Dispute with Exxon Mobil threatens Nigeria oil outputStaff Writer | May 22, 2017
Nigeria’s manager-level oil union will continue a strike indefinitely at Exxon Mobil’s local unit following a decision by the American oil major to lay off more than 80 workers, threatening output after talks with the company to end the action reached an impasse, a labor official said.
Oil exploration The meetings broke down
The dispute, now in its eleventh day, has been referred to an arbitration panel by the government’s minister for labor, he said, Bloomberg reported.
Pengassan members at Exxon’s local unit went on strike last week, seeking the reinstatement of 83 local staff it says were wrongfully terminated. Previous threats by oil unions to curb output have not usually resulted in production losses. However, a similar dispute in December impacted crude loadings as union members protested against job cuts.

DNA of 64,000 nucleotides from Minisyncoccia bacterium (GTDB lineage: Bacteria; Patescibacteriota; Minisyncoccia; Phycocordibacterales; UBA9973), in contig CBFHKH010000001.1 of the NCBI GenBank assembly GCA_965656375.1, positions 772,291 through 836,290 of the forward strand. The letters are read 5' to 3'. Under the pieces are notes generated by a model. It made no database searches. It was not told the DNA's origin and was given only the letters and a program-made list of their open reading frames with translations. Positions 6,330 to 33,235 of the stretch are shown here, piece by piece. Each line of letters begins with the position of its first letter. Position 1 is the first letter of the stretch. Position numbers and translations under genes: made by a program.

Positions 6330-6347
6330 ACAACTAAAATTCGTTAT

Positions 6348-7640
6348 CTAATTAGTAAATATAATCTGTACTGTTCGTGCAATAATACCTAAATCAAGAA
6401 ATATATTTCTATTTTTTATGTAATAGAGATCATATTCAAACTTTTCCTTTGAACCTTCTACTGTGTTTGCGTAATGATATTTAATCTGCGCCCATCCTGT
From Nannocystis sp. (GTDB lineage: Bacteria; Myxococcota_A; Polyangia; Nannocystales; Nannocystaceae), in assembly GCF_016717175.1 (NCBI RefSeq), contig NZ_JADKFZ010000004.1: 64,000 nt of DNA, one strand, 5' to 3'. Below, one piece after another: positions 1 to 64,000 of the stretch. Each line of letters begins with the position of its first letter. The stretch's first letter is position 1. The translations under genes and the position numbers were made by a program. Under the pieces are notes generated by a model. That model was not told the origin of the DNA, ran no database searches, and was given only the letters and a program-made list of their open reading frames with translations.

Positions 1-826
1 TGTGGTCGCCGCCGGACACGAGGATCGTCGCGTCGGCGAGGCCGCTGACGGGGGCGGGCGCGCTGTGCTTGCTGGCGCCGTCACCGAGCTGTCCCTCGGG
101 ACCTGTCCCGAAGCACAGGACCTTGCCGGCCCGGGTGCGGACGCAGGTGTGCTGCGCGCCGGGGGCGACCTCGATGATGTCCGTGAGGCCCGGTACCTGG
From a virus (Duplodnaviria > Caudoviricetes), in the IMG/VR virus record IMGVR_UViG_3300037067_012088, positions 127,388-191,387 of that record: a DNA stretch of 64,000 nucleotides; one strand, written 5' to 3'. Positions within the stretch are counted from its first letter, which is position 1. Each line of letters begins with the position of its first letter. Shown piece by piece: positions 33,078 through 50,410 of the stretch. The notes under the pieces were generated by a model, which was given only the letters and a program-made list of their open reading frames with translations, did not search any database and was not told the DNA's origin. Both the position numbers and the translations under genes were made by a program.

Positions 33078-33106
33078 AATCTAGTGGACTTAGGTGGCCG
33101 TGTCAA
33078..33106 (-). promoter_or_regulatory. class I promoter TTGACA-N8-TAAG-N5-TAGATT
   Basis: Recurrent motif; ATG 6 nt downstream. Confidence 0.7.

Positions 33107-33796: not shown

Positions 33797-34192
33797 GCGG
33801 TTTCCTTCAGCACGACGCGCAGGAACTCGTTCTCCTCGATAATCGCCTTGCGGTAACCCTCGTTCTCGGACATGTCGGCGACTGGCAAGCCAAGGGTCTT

Nigeria, which exports the bulk of its oil, is currently producing about 2.06 million barrels a day of crude and condensates, a spokeswoman for the ministry of petroleum resources said.
Exxon operates the terminal for Qua Iboe crude, which is the nation’s main export grade. Within the past year, Nigeria has struggled to sustain higher output levels due to militant attacks on pipelines.
The Pengassan union has “now reached a breaking point,” said Cheta Nwanze, head of research at Lagos-based risk advisory group SBM Intelligence.
Unlike previous actions where strikes have had little effect on oil production, this time “there’s a real risk it will happen in the coming days.”
The union may begin to withdraw members from other oil facilities in Nigeria if the dispute escalates, he said. ■